But for the primarily “working poor” population who struggle with child care, transportation and rent expenses, “it’s the easiest budget item to cut.” Ironically Americans waste, on average, a half a pound of food daily. So donate produce or nonperishable items to the Capital Area Food Bank, Martha’s Table, or another worthy organization that serves the city’s hungry.

Volunteer in the Schools – More than half of DC public schools’ third graders read below grade level. Mount Pleasant resident and Obama canvasser Mark D’Agostino saw this as a challenge. After the 2008 election, he and a few friends used their volunteer list and free weekends to start the Grassroots Education Project. About 60 volunteers help Tubman Elementary School students learn to read on Saturday mornings, often searching for books that target kids’ interests. “It’s really inspiring to see the initiative they show and how much they enjoy working with the kids,” says D’Agostino. It’s effective too; twice as many children in the program achieve grade-level reading compared to those not in it. DCPS certifies volunteers who want to work with kids and e-mails them opportunities, suggesting they then coordinate with local schools.

Green It Up – Exposure to nature has been linked to stress reduction, a longer attention span and more creativity. But many in the US are getting out less. Residents in one of America’s greenest cities have no excuse not to visit and live off the land. Bike on the Rock Creek Park or go hiking at Great Falls. Sign up for a plot in one of over 50 community gardens in DC or the suburbs, or build a backyard vegetable garden. Compost. The benefits? Relaxation, fresh vegetables, camaraderie and, of course, keeping DC beautiful.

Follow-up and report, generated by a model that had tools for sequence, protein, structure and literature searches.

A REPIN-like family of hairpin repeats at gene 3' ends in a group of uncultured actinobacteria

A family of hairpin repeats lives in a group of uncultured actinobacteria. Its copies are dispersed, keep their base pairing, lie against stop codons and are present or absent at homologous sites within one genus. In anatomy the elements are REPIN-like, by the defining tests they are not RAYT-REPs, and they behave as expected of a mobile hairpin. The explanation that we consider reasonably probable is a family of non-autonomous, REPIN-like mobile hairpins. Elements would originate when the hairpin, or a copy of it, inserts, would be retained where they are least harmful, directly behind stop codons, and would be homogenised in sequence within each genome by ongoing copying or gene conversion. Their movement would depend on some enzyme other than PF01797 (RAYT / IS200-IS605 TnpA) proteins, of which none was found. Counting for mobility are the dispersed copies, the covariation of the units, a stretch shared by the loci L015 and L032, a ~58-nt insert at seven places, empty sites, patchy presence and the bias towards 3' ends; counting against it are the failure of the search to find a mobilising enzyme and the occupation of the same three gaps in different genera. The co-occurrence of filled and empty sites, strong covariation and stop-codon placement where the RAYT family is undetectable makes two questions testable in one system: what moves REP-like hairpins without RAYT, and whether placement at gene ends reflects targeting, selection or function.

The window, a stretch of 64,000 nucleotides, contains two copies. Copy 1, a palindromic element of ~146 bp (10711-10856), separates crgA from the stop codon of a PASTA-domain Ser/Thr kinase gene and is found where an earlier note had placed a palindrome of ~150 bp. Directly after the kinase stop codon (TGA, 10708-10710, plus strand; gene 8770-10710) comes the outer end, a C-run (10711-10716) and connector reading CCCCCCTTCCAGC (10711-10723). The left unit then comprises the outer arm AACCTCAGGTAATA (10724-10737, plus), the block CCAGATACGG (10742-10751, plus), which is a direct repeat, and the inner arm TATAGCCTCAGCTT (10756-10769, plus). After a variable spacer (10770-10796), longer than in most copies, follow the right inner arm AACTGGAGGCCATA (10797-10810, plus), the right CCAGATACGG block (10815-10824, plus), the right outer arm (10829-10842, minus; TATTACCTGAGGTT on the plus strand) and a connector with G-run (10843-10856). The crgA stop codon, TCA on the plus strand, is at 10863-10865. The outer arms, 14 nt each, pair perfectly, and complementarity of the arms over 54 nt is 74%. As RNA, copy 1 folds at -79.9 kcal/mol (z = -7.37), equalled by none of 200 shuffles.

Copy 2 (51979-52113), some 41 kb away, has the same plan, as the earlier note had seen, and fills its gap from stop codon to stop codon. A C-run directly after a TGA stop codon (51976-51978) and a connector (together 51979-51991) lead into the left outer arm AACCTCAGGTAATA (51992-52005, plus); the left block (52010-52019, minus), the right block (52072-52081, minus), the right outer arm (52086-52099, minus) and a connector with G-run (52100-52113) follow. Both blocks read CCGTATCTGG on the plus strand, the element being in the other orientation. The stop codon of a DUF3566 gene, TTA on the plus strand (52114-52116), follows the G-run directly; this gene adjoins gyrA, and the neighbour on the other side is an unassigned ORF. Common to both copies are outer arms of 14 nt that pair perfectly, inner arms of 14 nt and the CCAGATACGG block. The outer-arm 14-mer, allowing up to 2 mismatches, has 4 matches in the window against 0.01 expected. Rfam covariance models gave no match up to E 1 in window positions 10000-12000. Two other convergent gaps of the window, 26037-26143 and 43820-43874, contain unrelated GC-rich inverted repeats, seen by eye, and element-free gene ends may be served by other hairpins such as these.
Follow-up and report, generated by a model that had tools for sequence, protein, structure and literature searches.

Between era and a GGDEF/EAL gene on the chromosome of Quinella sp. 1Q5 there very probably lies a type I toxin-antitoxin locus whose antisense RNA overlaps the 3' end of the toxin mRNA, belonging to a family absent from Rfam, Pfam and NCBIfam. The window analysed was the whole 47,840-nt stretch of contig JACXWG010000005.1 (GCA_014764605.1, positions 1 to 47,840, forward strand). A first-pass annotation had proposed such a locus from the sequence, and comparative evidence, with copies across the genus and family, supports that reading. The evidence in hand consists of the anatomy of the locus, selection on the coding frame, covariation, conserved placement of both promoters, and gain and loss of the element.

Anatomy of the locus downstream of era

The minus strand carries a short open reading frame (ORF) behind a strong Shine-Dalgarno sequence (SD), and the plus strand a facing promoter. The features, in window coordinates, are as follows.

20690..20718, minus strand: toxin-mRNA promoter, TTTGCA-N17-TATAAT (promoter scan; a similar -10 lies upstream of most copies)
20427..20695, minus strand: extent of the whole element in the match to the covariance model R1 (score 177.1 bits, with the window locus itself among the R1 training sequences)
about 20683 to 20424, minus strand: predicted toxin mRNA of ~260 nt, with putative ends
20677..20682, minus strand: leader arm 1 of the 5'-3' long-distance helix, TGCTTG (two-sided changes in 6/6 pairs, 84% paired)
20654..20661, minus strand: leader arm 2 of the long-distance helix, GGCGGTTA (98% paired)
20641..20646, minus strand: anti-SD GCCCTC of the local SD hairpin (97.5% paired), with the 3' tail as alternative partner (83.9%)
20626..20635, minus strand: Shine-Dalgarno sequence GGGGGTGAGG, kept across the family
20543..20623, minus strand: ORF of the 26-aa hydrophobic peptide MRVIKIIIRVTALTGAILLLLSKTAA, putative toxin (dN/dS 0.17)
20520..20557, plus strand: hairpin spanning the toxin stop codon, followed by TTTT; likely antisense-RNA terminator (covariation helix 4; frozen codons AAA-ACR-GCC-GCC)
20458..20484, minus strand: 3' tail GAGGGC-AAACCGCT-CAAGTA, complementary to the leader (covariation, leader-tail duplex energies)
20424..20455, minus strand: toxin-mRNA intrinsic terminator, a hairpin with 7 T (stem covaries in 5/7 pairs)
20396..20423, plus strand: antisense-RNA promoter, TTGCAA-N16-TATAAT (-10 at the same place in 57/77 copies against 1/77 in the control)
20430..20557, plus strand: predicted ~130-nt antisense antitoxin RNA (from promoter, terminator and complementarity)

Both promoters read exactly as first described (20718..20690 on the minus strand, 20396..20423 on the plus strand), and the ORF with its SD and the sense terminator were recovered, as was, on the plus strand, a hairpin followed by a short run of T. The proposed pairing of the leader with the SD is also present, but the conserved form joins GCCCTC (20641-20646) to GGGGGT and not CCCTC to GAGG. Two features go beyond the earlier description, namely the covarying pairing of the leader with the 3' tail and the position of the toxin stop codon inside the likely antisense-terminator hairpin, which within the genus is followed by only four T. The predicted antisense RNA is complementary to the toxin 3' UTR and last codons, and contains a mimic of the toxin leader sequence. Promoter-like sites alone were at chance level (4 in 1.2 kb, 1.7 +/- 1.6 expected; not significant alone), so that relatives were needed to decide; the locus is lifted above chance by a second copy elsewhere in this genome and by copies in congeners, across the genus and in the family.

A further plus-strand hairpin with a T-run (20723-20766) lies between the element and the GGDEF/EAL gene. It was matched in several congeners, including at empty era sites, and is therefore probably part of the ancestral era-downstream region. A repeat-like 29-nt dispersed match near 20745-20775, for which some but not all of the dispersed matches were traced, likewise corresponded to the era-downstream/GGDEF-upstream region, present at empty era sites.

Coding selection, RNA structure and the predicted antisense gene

Appreciate the Arts – DC’s cultural scene is thriving on the whole, but some organizations are struggling. Fortunately, Washington will have especially compelling historical, political, cultural and literary offerings in 2011. Bring a friend to enjoy the city’s many scenes. Glance at Richard Avedon’s pictures of President Kennedy or immerse yourself in India during The Kennedy Center’s March festival. Watch the civil rights movement unfold at the National Museum of American History, or listen to indigenous voices speak about climate change at the National Museum of the American Indian. Laugh through the Folger’s “The Comedy of Errors,” or contemplate the cost of your iPhone at Woolly Mammoth’s upcoming production of Mike Daisey’s “The Agony and Ecstasy of Steve Jobs”. The result is a spiritual yet paradoxical reward: “Art enables us to find ourselves and lose ourselves at the same time,” said monk Thomas Merton.

Tip Well – DC had the greatest income inequality of large cities, according to a DC Fiscal Policy Institute study that analyzed census data from 2000. Since then, the city has seen stock of low income housing drop and a tremendous influx of high-income neighborhoods, says DCFPI Director Ed Lazere. Help out by emulating New York, which has a culture of extensive and generous tipping. Tip staff members who keep you glamorous, fed, healthy and safe – and don’t forget the workers mostly behind the scenes. The benefits will accrue to overqualified staff, underemployed citizens and those otherwise struggling.